“I have a comprehensive understanding of the civil and criminal justice process. I am a firm believer in public safety, but at the same time, I will not compromise one’s civil rights with respect to violating the fundamental principles and constitutional guarantees, which are due process rights. I possess a professional aptitude and temperament required to properly administer sound and prudent judgment. I am fair, firm and consistent. My belief is not about rendering decisions influenced by popularity or what may be considered politically correct. It is all about justice and doing the right thing. That is, following the letter and spirit of the law, not acting arbitrary or capricious. Politics does not belong in the judiciary. It is about providing fair and impartial hearings. Justice is determining facts as opposed to conjecture and administering applicable laws to base a just outcome” Paul Martinez said.

March 19: News Roundup

Paul Ryan and the Republican Congressional leadership prepare to launch fresh assault on Medicare. There’s more at the Los Angeles Times.

Susana Martinez and New Mexico Tourist Board: Only light-skinned persons need apply. There’s more at the Santa Fe New Mexican.

Rush Limbaugh’s antics taking a toll in talk radio. There’s more at the Washington Post.

John McCain warns Republicans to back off it’s war against contraception. There’s more at TPM.

In battle with Santorum, Mitt Romney makes an about-face on contraception, courts moderate Republican women in Illinois. There’s more at the New York Times.

Republican Party administration of caucuses shows a record of failure. There’s more at TPM.

Rick Santorum exploits a fresh wedge between rural and urban voters. There’s more at the New York Times.

After crushing loss in Puerto Rico, Santorum doubles-down on English only. There’s  more at Politico.

Report shows success of Romneycare model as Romney repudiates it. There’s more at ThinkProgress.

C-Span founder Brian Lamb retires from the network’s CEO spot. There’s more at the New York Times.

Clovis, New Mexico Mayor Lansford under fire for anti-Obama rant. There’s more at the Clovis News-Journal.

Georgia Republican compares women to cows, pigs and chickens. There’s more at ThinkProgress.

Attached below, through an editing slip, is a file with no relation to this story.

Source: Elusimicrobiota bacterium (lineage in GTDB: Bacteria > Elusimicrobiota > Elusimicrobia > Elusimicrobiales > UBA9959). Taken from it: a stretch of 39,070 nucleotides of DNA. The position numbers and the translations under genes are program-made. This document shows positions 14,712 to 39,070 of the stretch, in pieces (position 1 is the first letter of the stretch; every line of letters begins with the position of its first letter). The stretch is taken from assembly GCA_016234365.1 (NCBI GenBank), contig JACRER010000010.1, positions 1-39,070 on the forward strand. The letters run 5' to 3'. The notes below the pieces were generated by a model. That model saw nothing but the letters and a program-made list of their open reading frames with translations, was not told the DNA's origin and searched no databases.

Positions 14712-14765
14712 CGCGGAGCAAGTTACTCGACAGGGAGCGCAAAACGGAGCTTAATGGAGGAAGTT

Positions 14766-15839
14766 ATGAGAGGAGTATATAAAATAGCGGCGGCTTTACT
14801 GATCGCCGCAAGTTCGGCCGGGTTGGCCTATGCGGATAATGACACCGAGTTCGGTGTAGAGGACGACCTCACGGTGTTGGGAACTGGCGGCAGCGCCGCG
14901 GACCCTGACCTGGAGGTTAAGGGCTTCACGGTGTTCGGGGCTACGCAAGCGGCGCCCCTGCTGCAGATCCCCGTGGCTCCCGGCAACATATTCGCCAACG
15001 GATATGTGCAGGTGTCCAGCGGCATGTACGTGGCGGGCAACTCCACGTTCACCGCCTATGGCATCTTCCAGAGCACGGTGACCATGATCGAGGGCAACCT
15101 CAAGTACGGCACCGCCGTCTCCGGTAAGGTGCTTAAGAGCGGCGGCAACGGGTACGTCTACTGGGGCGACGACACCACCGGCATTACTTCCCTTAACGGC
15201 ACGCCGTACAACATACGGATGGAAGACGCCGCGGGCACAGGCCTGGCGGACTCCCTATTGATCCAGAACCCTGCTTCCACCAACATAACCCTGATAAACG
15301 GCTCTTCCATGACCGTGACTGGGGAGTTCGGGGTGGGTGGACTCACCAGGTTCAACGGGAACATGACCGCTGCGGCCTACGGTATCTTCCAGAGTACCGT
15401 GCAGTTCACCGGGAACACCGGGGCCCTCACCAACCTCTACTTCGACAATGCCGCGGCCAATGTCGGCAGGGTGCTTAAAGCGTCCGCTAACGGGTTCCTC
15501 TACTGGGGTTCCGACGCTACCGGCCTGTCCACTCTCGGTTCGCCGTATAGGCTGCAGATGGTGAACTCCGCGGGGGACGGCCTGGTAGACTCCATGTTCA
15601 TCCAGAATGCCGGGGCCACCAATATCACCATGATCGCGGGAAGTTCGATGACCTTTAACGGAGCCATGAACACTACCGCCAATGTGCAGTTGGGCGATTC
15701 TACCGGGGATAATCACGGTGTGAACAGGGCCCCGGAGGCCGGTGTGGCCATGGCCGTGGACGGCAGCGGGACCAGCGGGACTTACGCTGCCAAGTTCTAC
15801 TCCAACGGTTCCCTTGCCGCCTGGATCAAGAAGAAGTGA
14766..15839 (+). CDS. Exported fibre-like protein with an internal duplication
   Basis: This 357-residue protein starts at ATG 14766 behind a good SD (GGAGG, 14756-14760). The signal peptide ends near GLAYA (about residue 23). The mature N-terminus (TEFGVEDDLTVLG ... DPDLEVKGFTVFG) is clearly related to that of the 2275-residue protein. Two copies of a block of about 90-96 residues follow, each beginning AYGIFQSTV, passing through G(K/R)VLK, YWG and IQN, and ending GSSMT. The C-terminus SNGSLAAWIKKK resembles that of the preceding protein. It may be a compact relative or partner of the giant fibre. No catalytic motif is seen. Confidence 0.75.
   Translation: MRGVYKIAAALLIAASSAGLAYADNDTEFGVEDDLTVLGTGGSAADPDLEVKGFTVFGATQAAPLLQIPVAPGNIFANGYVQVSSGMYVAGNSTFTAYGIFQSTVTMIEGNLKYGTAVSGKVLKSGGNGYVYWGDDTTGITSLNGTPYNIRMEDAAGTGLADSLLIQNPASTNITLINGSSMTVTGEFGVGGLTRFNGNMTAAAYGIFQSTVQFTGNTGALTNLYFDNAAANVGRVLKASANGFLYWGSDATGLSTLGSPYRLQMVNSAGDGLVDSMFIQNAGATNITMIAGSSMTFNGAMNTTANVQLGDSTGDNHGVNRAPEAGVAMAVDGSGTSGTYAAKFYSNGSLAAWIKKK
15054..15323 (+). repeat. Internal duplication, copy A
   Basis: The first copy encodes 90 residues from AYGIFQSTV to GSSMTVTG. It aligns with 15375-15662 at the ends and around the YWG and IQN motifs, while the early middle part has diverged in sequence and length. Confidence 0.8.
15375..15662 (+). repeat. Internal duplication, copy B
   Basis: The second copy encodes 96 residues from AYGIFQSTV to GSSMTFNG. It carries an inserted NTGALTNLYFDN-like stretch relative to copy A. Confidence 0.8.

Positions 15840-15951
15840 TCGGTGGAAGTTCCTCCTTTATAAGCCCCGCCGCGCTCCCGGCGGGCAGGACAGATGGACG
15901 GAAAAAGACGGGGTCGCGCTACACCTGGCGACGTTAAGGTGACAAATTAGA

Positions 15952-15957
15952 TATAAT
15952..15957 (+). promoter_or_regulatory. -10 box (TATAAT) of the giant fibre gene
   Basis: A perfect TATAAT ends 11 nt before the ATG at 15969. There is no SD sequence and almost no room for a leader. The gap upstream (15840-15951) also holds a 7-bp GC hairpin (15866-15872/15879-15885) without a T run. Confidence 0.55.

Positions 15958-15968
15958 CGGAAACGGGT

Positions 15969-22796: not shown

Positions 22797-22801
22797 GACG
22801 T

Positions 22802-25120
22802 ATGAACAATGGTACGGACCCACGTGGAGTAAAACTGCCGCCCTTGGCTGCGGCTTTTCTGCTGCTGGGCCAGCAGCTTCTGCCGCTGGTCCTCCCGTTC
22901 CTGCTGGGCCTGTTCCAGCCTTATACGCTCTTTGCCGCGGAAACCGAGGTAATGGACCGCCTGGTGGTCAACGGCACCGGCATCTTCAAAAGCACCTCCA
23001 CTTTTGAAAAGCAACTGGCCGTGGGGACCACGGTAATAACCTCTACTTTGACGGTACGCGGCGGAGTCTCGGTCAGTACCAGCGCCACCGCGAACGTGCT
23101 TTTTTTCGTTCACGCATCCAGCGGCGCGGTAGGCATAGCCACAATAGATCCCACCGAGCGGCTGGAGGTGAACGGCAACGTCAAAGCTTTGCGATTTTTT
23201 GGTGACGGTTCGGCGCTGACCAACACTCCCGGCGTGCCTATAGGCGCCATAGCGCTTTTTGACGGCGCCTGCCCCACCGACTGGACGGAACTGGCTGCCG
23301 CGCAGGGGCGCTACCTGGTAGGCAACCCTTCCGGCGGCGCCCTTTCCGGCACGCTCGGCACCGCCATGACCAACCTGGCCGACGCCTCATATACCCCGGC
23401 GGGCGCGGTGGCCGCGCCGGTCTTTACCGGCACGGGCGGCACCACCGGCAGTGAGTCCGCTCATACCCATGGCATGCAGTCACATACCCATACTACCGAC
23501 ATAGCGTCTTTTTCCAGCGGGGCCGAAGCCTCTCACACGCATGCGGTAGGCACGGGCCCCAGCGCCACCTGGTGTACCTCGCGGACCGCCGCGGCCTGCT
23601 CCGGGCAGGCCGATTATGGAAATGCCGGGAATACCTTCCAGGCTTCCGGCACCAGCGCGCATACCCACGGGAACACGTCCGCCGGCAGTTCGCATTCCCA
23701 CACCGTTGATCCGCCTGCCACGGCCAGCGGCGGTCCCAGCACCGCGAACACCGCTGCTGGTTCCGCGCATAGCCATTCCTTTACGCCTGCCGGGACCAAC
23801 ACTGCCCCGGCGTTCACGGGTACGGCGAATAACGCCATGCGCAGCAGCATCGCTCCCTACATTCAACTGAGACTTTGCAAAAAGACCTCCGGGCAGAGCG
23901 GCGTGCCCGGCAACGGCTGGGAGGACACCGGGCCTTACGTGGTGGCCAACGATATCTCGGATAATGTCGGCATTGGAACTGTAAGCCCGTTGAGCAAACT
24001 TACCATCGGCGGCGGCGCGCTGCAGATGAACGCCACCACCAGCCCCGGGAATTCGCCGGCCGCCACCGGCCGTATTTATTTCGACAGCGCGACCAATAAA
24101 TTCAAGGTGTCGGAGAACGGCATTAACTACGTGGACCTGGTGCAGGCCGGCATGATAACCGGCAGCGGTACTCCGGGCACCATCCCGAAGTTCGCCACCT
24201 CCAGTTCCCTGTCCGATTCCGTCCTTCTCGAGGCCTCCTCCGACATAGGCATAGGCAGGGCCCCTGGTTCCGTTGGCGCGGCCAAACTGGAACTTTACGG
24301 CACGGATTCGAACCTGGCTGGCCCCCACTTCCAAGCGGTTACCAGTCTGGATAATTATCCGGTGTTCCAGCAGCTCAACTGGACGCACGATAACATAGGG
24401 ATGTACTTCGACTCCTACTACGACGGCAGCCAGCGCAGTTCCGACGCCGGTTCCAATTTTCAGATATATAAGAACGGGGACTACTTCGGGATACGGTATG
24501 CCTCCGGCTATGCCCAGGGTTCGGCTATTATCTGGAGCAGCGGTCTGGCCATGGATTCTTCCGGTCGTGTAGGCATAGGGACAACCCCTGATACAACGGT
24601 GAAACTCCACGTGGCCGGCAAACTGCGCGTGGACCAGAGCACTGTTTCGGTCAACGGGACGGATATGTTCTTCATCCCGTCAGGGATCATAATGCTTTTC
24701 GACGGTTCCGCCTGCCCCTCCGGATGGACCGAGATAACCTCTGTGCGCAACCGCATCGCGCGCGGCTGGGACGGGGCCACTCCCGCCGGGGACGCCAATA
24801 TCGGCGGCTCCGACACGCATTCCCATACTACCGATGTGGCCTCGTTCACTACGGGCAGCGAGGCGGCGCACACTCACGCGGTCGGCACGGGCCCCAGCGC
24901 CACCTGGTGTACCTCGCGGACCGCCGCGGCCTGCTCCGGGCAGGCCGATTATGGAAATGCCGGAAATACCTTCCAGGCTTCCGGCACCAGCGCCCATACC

Opinion: Greg Smith of Goldman Sachs explains why he is leaving the investment giant. Read it at the New York Times.

Opinion: Paul Krugman declares “Hooray for Health Reform!” Read it at the New York Times.

Mitt Romney Profits From China’s Surveillance of its Own Citizens

On the campaign trail, Mitt Romney rails against China’s trade policies and its record on human rights, and he promises that as president, he would take a hard line against the Chinese government.

But his actions—and his investments—tell a very different story.

The New York Times is reporting that Romney has financial holdings in a company that claims to be the largest supplier to China’s monitoring system—which lets the government keep tabs on university campuses, hospitals, mosques, and movie theaters.

In other words, Romney is financially invested in the Chinese government keeping tabs on its own citizens—and the implications are serious:

“Human rights advocates say in China [the surveillance cameras] are also used to intimidate and monitor political and religious dissidents. ‘There are video cameras all over our monastery, and their only purpose is to make us feel feer,’ says Loksag, a Tibetan Buddhist monk in Gansu Providence. He said the cameras helped the authorities identify and detain nearly 200 monks who participated in a protest at his monastery in 2008.”

Romney has made “confronting China” part of his case for the presidency, and he has criticized China for denying its people—in his words—”basic political freedoms and human rights.”

But through his investments, he’s enabling China to do just that.

Romney’s clearly got one set of rules for the campaign trail, and another set of rules for himself. That’s not what the American people are looking for in a leader.